Enda Kenny: Phil Hogan will not be asked to resign over Irish Water debacle
Environment Minister confirms he did not personally know about the massive spend on consultancy by Irish Water
Taoiseach Enda Kenny has said Phil Hogan will not be asked to resign over the Irish Water controversy.
Mr Kenny stood firmly by his Environment Minister and rejected suggestions that the semi-state company has been shrouded in secrecy.
Fianna Fail leader Mr Martin accused Mr Kenny of "pretending all is well, that all is transparent".
But taking the first 'Leader's Questions' of the new Dail term, Mr Kenny said the investment in Irish Water is being made to ensure the public can access high quality water.
"This is a public utility in public ownership, therefore there is nothing that should be secret about it and there is nothing that will be secret about it'" Mr Kenny told the Dail.
Mr Kenny rejected a call by Sinn Fein leader Gerry Adams for Mr Hogan to resign.
Environment Minister Phil Hogan today said he did not personally know about the massive spend on consultancy by Irish Water.
Mr Hogan strongly defended his handling of the establishment of the semi-state body, insisting: "You can't make an omelette without breaking eggs".
Officials at Irish Water were this evening due to appear in front of The Public Accounts Committee, just 24 hours after they were quizzed by the Oireachtas Environment Committee about the spend on consultancy services.
Speaking at Trinity College this morning, Mr Hogan said he was not personally aware about the sum being spent on consultancy.
"€180m was the overall costs of what was deemed to be appropriate for the establishment of Irish Water. And the detail in relation to what contracts were being given out or who was procuring is not my business, it's a matter for Irish Water."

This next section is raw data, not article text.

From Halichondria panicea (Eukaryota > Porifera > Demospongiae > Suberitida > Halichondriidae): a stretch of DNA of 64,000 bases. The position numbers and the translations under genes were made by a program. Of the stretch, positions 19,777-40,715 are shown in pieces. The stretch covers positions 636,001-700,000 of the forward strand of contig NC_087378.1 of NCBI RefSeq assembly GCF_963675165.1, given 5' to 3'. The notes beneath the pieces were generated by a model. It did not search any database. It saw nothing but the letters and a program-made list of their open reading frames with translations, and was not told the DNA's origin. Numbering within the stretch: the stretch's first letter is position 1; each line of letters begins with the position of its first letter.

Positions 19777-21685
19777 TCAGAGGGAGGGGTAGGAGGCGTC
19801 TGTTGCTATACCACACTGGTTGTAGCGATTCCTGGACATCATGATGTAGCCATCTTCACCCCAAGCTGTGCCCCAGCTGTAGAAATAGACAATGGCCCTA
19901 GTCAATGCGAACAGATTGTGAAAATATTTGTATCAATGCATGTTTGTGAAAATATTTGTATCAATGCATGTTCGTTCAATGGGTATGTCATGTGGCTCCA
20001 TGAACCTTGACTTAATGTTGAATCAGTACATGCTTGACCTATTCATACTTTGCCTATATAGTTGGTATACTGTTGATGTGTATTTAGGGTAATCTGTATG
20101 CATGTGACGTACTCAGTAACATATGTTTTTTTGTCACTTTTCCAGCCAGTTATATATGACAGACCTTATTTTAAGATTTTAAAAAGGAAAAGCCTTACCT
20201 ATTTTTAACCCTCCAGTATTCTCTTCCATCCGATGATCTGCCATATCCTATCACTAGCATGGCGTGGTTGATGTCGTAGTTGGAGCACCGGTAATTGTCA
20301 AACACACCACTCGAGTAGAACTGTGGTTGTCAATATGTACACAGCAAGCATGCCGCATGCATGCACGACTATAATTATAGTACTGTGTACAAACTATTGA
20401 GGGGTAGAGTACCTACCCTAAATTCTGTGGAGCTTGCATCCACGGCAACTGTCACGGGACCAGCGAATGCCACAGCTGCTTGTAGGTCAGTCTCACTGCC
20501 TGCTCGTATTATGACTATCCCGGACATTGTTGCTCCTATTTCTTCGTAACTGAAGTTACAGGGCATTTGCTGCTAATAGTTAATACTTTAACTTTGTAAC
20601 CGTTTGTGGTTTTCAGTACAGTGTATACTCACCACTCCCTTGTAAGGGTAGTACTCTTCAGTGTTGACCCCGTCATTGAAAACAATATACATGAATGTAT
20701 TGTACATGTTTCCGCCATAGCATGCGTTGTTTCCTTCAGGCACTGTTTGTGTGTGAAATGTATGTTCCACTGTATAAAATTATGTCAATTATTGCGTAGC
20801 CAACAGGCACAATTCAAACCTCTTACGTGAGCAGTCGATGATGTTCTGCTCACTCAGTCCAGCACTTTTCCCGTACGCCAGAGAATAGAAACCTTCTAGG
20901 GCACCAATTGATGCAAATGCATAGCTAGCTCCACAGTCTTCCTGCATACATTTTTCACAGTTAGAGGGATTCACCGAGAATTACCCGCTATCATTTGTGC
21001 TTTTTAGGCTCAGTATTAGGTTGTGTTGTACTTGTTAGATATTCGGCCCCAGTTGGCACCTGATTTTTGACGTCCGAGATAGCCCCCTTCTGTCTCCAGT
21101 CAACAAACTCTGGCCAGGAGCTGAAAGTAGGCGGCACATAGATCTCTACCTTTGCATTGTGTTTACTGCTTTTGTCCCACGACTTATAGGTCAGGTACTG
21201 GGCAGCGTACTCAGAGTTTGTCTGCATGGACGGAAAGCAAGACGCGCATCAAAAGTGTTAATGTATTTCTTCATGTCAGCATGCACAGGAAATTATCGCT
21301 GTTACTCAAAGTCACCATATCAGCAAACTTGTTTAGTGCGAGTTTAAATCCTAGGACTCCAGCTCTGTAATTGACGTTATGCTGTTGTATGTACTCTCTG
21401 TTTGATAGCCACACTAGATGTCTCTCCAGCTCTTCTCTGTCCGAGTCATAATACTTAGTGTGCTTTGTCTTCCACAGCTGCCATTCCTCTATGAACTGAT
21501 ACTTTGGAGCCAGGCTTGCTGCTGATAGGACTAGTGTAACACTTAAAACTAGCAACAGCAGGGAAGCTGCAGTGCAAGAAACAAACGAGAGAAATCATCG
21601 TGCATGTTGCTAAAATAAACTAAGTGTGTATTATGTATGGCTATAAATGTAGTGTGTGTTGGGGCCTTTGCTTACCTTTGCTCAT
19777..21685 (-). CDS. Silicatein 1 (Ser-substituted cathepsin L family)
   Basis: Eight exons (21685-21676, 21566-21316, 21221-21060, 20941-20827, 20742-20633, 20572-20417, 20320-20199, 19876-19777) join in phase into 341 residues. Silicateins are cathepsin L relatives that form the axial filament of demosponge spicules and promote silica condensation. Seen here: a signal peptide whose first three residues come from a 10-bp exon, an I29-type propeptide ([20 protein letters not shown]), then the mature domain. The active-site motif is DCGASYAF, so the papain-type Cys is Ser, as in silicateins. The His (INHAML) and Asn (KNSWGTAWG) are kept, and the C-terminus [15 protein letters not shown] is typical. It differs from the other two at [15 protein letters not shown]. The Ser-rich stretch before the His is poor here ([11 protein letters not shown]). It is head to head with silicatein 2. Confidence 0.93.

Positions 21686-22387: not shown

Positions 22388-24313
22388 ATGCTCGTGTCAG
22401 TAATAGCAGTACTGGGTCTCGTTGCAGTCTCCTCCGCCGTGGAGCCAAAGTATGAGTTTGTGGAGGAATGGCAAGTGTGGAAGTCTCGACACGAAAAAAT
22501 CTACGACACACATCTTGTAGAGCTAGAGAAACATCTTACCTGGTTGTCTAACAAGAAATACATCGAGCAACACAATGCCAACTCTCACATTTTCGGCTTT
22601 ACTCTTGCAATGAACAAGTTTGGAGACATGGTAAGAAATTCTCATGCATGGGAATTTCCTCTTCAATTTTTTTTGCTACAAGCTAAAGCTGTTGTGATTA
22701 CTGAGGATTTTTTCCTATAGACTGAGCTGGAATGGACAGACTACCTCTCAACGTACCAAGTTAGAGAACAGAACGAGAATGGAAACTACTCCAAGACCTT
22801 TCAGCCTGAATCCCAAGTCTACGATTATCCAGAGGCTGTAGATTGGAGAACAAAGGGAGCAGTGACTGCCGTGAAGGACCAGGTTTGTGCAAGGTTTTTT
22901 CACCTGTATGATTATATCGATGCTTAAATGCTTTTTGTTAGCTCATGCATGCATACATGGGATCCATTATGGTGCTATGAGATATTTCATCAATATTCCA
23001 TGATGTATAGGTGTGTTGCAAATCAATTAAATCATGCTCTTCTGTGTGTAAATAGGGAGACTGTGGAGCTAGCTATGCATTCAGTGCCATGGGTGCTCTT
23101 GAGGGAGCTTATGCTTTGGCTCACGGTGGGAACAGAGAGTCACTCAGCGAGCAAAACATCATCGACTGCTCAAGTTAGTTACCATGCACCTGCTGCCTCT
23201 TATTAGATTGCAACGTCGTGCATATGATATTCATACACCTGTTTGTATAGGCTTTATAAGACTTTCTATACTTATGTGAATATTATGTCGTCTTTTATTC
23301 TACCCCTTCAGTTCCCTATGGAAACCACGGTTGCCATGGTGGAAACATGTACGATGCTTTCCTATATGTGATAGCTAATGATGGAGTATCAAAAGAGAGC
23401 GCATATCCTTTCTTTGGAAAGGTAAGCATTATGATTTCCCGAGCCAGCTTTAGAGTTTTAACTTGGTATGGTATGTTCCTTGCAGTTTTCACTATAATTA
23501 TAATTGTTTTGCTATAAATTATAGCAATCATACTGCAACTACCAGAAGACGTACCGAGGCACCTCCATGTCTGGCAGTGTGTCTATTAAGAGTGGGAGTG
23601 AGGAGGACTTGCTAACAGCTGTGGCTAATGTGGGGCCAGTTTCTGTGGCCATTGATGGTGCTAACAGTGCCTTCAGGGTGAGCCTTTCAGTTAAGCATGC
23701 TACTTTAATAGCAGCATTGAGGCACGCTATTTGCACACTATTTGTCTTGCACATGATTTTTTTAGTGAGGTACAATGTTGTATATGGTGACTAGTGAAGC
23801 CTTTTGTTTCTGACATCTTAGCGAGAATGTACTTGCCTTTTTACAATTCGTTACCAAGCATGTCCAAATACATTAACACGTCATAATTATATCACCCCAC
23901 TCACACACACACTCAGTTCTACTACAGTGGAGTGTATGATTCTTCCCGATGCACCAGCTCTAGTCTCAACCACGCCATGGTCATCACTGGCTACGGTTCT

Asked whether he believed the controversy surrounding Irish Water has become a PR disaster, the Fine Gael minister said:
"Not at all. You can't make an omelette without breaking eggs."
Mr Hogan also rejected suggestions that he should have spoken directly with Irish Water Managing Director John Tierney about the operating costs.
Mr Hogan said he had "no regrets whatsoever" and added that bonuses was an issue for the Department of Public Expenditure.
Meanwhile, the chairman of the Public Accounts Committee has described the secrecy surrounding Irish Water as unacceptable, and has called on the Comptroller and Auditor General to audit the books. .
John McGuinness told RTE Radio that there are significant questions to be asked Irish Water executives who are appearing before the PAC today later today.
He added Mr Hogan needs to micro-manage Irish Water spending, saying it is scandalous that he does not.
By Niall O'Connor, Political Correspondent